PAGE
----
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Georgia Republican says GOP speaker holdouts have ‘slowed’ Biden probes, but there are ‘seven days in a week’

Georgia Republican says GOP speaker holdouts have ‘slowed’ Biden probes, but there are ‘seven days in a week’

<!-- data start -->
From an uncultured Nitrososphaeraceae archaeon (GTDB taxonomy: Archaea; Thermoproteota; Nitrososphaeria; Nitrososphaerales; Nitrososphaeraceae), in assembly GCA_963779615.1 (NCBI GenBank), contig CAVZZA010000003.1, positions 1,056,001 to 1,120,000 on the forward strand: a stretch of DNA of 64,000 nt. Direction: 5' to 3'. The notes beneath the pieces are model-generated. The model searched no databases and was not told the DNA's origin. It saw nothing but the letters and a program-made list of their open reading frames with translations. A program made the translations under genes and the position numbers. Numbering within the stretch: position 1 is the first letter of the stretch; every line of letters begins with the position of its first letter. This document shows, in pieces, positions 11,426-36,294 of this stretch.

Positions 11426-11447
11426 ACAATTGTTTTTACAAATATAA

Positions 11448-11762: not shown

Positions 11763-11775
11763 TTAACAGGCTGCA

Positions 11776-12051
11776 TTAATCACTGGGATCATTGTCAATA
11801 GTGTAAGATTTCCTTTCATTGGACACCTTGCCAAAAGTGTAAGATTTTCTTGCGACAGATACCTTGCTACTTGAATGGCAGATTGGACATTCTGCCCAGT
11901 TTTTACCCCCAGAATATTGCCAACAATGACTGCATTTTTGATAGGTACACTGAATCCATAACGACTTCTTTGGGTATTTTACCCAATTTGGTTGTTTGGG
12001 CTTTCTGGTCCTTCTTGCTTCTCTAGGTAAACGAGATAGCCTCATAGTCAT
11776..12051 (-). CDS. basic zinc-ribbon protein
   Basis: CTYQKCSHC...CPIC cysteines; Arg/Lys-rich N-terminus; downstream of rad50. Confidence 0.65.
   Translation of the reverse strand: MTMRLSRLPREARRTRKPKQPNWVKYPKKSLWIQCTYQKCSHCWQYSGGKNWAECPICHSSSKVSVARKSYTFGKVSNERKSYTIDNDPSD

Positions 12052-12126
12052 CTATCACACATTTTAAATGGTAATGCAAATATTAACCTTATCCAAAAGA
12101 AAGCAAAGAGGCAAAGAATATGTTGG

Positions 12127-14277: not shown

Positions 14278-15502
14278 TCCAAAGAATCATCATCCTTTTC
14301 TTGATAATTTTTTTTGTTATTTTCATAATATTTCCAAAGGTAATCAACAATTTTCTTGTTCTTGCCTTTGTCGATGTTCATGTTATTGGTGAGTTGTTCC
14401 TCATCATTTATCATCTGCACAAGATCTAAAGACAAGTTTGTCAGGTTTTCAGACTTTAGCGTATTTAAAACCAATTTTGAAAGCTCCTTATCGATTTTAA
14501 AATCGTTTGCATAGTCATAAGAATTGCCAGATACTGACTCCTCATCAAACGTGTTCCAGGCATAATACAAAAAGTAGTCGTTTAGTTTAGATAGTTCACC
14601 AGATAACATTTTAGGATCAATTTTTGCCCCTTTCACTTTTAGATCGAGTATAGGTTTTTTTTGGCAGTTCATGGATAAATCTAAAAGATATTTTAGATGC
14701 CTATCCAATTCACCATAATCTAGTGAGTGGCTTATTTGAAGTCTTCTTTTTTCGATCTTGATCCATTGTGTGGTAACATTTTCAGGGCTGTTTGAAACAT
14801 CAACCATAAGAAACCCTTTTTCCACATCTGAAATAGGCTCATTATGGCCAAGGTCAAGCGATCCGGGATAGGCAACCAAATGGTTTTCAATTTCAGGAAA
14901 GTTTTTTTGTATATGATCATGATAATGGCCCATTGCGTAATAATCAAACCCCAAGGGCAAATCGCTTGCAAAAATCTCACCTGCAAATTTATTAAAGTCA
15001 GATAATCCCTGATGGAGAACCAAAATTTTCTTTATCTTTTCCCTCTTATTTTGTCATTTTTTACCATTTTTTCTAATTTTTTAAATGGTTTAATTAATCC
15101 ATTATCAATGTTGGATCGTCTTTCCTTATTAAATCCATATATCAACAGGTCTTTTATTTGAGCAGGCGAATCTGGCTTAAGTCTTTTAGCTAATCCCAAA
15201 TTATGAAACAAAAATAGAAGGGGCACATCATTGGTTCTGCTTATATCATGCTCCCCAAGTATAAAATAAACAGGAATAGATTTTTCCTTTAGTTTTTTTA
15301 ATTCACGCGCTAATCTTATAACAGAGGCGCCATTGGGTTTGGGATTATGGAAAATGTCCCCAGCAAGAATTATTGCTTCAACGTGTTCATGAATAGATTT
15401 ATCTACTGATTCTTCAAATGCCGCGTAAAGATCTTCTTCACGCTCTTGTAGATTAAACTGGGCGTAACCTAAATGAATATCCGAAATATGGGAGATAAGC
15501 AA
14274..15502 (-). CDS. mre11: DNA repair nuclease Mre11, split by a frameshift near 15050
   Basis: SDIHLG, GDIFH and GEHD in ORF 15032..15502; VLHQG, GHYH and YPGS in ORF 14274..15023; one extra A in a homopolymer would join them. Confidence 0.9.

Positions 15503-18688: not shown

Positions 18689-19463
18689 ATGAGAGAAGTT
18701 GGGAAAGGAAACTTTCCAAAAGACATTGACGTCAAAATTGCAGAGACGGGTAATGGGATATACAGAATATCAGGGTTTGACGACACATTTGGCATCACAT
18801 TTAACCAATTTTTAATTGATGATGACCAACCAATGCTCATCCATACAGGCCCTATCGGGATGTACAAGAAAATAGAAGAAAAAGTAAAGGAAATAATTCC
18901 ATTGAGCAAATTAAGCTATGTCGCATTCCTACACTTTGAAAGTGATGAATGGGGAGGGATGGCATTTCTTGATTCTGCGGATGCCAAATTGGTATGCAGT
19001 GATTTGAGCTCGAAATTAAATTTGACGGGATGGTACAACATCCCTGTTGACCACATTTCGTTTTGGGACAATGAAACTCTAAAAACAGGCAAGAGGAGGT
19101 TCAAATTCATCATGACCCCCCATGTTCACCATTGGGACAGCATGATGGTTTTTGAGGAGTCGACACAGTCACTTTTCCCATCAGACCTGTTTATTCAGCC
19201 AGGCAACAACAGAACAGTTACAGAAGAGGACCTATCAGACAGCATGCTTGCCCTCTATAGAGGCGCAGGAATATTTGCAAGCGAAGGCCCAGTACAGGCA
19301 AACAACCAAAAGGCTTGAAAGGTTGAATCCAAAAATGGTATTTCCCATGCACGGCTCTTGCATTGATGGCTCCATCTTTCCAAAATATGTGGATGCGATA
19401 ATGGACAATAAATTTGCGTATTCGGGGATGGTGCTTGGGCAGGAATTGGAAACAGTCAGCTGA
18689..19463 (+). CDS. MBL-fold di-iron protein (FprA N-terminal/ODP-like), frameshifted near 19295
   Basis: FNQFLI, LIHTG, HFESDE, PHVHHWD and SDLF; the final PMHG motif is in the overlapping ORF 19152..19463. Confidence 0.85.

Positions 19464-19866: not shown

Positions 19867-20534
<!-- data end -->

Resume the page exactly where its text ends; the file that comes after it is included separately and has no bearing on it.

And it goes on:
FIRST ON FOX: Georgia Republican Rep.-elect Austin Scott says the GOP holdouts on voting for caucus Leader Kevin McCarthy, R-Calif., have “slowed” down their planned probes of President Biden, but vowed to “make up the time.” Scott hopped on the phone with Fox News Digital as the House heads into its third day of voting to determine the House speaker after six ballots that have not yet yielded a choice. So far, 21 Republicans are holding out on voting for McCarthy to take the gavel, but, in doing so, have brought the House to a grinding halt. Scott said there are “consequences” of the House not being operative — members can’t be sworn-in, legislation can’t be taken up, and “issues like the border” can’t be addressed. HOUSE SPEAKER RACE: BYRON DONALDS RESPONDS TO ‘RETRIBUTION’ FOR RUNNING AGAINST KEVIN MCCARTHY “It has definitely slowed us down, that is the bad part of what has happened,” Scott said. “I wish that these discussions had happened months ago, but we are where we are.” “It may mean that instead of working four days a week, we have to work five days a week after we’re seated. So we can make up the time and we will make up the time,” the Georgia Republican vowed. Scott, a member of the House Armed Services Committee, said the American public “wants to know about Afghanistan,” what’s happening at the border, and “how we are going to pay for the massive spending increase that passed this past December.” The congressman-elect noted that those issues will be investigated once the Republicans get to work in the chamber after the speaker is elected. “So we’re several days behind. But you know what? There’s seven days in a week,” Scott said. “And if we have to work on Saturdays, that may be what we have to do.” “So we’re going to be okay,” he added. Scott also said the “number one issue that’s not talked about enough” for him is the growing national debt “and what the interest on the national debt is going to do to the average working American.” The Georgia congressman-elect said that “some of the budget rules that are being drafted will stop the Senate from doing what they’ve done, regardless of who has been in charge, whether it be Mitch McConnell or Chuck Schumer or Harry Reid.” “I mean, the Senate Republicans have voted with the Democrats, at least enough of them have, to jam through big spending items like they did this past omnibus bill,” Scott said. “And you know, our rules in the House of Representatives when we adopt that are no longer going to allow them to do that.” Scott said that he knows that Rep.-elect Chip Roy, R-Texas, one of the 21 GOP holdouts not voting for McCarthy, is as “frustrated” as he is “with the spending increases and with the Senate being able to adopt things at the last minute and send it to the House and say ‘take it or leave it.’” He also said that he believes that his Texan colleague is “having an honest discussion about how we stop the continued increases in spending, especially from the national debt, which is at $30 trillion, and interest rates moving up, and the amount of federal spending that’s going to take away,” and noted he has chatted with Roy about “potential rule changes” he believes “are good for the country.” “So, again, as long as we’re having an honest discussion and move in the right direction, then I’d rather get to the right spot with the right guys. Kevin McCarthy is our speaker of the House,” Scott said, calling the discussion about federal spending “honorable.” Scott said he believes the Congressional Leadership Fund’s deal to not spend money in solid Republican districts was “helpful” in McCarthy’s quest for speaker and that the move was “a fiscally responsible thing for us as Republicans not to spend money in if we know we’re going to have a Republican there.” “I think that’s probably a win-win,” he added. Additionally, Scott took shots at House Democrats for their demeanor amid the speaker ballots, saying “it’s easy to be the loser of the election” like how the Democrats lost control of the House in the 2022 midterms,  “So they lost the last election and they get to sit over there and eat popcorn, and to be honest with you, a lot of those Democrats will eat popcorn even after Kevin McCarthy’s seated as speaker and just be obstructionist,” the Georgia Republican said. “They’re having fun right now.” Scott also noted that President Biden and the Democrats are the people “loving” the chaos and encouraged Americans of the faith to pray amid the House speaker elections. Additionally, he also said he feels “good” about the path forward to getting the House up and running. “Governing isn’t easy. Our democracy is important and our country is important. And so I would ask people of the faith to be praying for the public to know the truth and those who are trying to do good, to be successful and move this country in a direction that would be pleasing to God.” Scott’s thoughts come as the House gears up to vote again to get McCarthy behind the speaker’s dais. McCarthy faces an uphill battle as the third day kicks off with 21 entrenched House Freedom Caucus Republicans voting for candidates outside the GOP leader. The GOP leader needs to secure 16 votes to gain the gavel, but the party holdouts have quickly become McCarthy’s silver hammer.
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